United States of America, Appellee, v. Larry Wilson, Appellant, 669 F.2d 922 (4th Cir. 1982)Annotate this Case
W. Rhett Eleazer, Charles G. Rowland, Columbia, S.C., on brief, for appellant.
Henry D. McMaster, U.S. Atty., Columbia, S.C., William Bradford Reynolds, Asst. Atty. Gen., Jessica Dunsay Silver, Mark L. Gross, Dept. of Justice, Washington, D.C., on brief, for appellee.
Before FIELD, Senior Circuit Judge, and WIDENER and HALL, Circuit Judges.
K. K. HALL, Circuit Judge:
Larry Wilson appeals from a district court order denying his motion to withdraw his guilty plea. We find no error in the action taken by the district court, and therefore affirm.
Wilson and his wife operated a migrant worker camp in South Carolina. They were indicted for conspiracy and kidnapping with intent to hold one of the workers as a slave in violation of 18 U.S.C. §§ 2, 1583. The case went to trial, but after two days, the government and counsel for the defendants entered into a plea agreement. According to the agreement, Wilson would plead guilty to one count of kidnapping. In return, the government promised that he would receive no more than three years in jail, and that it would "waive its right to allocution under Fed. R. Crim. P. 32(a)."
At the sentencing hearing, the defendant presented character witnesses in an attempt to mitigate his sentence. In response to a question by the court, the attorney for the government stated:
Your Honor, in light of some of the things that have come up here during the sentencing, the Government is aware of numerous other complaints which have been made against Mr. Wilson-not Mrs. Wilson-other allegations that people were held against their will.
I believe that you heard some testimony at trial from some workers who has previously worked for the Wilson labor camp. I'd just like you to keep that in mind that there have been other complaints against Mr. Wilson.
Judge Perry sentenced Wilson to two years in jail.
The defendant moved to have his guilty plea withdrawn on the grounds that the government attorney breached the plea agreement by making a statement. After hearing the motion, Judge Perry ruled that the government did breach the agreement and ordered him resentenced before another judge. Judge Chapman subsequently sentenced Wilson to two years in jail.
The defendant argues that the district court should have allowed him to withdraw his guilty plea because the file which the second judge used in resentencing contained the transcript of the first sentencing hearing. Wilson argues that Judge Chapman may have seen the prosecutor's remarks, and was therefore in the same position as Judge Perry. The defendant contends that the only proper solution under these circumstances would be to allow him to withdraw his plea and start over again.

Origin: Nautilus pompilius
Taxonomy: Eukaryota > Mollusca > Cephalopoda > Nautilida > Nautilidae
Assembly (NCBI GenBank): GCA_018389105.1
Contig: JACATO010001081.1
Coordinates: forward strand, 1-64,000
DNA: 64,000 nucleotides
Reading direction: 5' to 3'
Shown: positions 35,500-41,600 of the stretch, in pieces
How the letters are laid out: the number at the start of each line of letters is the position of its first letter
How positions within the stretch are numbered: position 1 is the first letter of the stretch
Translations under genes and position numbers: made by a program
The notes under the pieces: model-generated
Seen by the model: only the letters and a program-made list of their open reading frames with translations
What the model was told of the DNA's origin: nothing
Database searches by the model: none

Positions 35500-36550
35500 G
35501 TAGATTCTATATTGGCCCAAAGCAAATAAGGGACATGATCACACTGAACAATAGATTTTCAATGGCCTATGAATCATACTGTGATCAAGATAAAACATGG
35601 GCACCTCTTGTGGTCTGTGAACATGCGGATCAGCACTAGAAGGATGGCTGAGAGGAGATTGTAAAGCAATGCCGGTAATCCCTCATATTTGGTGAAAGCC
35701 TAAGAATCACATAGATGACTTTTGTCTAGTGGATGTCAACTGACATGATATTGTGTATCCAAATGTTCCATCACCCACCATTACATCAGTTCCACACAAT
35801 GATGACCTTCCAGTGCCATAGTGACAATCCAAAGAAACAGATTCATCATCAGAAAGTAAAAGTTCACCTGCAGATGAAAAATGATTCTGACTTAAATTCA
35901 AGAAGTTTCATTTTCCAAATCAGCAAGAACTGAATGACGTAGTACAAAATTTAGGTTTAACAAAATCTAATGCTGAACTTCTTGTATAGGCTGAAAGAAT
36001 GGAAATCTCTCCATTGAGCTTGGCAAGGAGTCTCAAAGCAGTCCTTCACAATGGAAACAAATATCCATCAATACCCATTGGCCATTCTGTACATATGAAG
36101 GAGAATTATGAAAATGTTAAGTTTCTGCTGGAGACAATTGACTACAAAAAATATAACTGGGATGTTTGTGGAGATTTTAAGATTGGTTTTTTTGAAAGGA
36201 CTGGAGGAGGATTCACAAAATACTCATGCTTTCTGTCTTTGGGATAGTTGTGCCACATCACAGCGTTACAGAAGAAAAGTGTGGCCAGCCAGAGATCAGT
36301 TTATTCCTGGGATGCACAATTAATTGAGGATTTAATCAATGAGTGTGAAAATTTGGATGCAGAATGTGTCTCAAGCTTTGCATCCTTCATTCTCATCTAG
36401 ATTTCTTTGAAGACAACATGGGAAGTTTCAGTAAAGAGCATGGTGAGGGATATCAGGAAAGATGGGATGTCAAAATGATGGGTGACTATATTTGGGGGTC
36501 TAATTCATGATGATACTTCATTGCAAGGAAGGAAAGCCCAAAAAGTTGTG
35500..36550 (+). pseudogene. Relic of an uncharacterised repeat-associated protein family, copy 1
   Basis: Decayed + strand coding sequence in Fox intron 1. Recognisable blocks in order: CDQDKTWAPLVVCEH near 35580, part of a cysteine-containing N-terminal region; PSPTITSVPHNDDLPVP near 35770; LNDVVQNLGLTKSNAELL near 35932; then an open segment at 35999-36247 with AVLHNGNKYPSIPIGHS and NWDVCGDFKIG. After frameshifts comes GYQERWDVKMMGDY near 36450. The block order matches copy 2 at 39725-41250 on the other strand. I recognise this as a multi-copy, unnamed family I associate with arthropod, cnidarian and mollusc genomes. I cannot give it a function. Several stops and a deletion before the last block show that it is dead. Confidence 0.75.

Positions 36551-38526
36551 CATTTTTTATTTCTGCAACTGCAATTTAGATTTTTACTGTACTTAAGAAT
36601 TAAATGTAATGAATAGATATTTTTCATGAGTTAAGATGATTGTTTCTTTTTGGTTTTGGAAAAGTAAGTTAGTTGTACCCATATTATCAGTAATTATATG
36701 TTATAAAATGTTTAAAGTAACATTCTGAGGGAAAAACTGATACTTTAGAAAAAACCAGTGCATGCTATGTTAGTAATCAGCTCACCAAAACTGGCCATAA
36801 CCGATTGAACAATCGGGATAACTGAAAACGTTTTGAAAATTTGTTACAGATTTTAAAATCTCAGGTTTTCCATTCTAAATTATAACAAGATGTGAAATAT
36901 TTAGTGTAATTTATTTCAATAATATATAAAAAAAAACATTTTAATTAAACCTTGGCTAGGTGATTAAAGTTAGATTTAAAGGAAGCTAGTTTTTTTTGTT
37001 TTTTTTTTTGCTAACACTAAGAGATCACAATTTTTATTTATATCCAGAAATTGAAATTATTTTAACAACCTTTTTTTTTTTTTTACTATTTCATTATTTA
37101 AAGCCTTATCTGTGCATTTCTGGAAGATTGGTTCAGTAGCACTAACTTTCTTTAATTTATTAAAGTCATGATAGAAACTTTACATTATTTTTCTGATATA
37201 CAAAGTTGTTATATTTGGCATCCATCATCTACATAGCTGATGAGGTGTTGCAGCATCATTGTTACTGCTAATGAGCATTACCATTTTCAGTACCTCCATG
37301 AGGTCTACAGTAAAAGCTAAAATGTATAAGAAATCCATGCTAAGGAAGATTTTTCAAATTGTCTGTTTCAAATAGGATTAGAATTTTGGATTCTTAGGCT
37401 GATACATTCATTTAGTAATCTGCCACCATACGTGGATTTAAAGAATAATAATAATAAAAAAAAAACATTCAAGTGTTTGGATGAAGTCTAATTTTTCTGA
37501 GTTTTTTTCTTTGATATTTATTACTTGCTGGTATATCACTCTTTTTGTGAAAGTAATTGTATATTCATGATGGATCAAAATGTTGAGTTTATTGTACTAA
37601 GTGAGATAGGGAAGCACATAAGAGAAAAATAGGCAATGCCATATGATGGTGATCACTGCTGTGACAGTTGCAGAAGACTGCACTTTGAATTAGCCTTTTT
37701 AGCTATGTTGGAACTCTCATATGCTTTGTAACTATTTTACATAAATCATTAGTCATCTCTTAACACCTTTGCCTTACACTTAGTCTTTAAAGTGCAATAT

We disagree. The Supreme Court has stated that the proper remedy for the government's breach of a plea agreement should be left to the discretion of the lower court.1 See Santobello v. New York, 404 U.S. 257, 263, 92 S. Ct. 495, 499, 30 L. Ed. 2d 427 (1971). The remarks of the assistant U. S. attorney in this case were not as damaging as those of the prosecutor in Santobello,2 yet in that case the Supreme Court let the lower court decide whether to allow the defendant to withdraw his guilty plea or direct resentencing by a different judge. We see nothing in Santobello which requires the district court to purge its file if it chooses to assign the case to another judge for resentencing. Accordingly, we affirm the actions taken by the district court.
The Supreme Court stated:
"The ultimate relief to which petitioner is entitled we leave to the discretion of the state court, which is in a better position to decide whether the circumstances of this case require only that there be specific performance of the agreement on the plea, in which case petitioner should be resentenced by a different judge, or whether, in the view of the state court, the circumstances require granting the relief sought by petitioner, i.e., the opportunity to withdraw his guilty plea. 404 U.S. at 263, 92 S. Ct. at 499.
In Santobello, the prosecutor recounted the defendant's bad deeds and then asked the court to give him the maximum sentence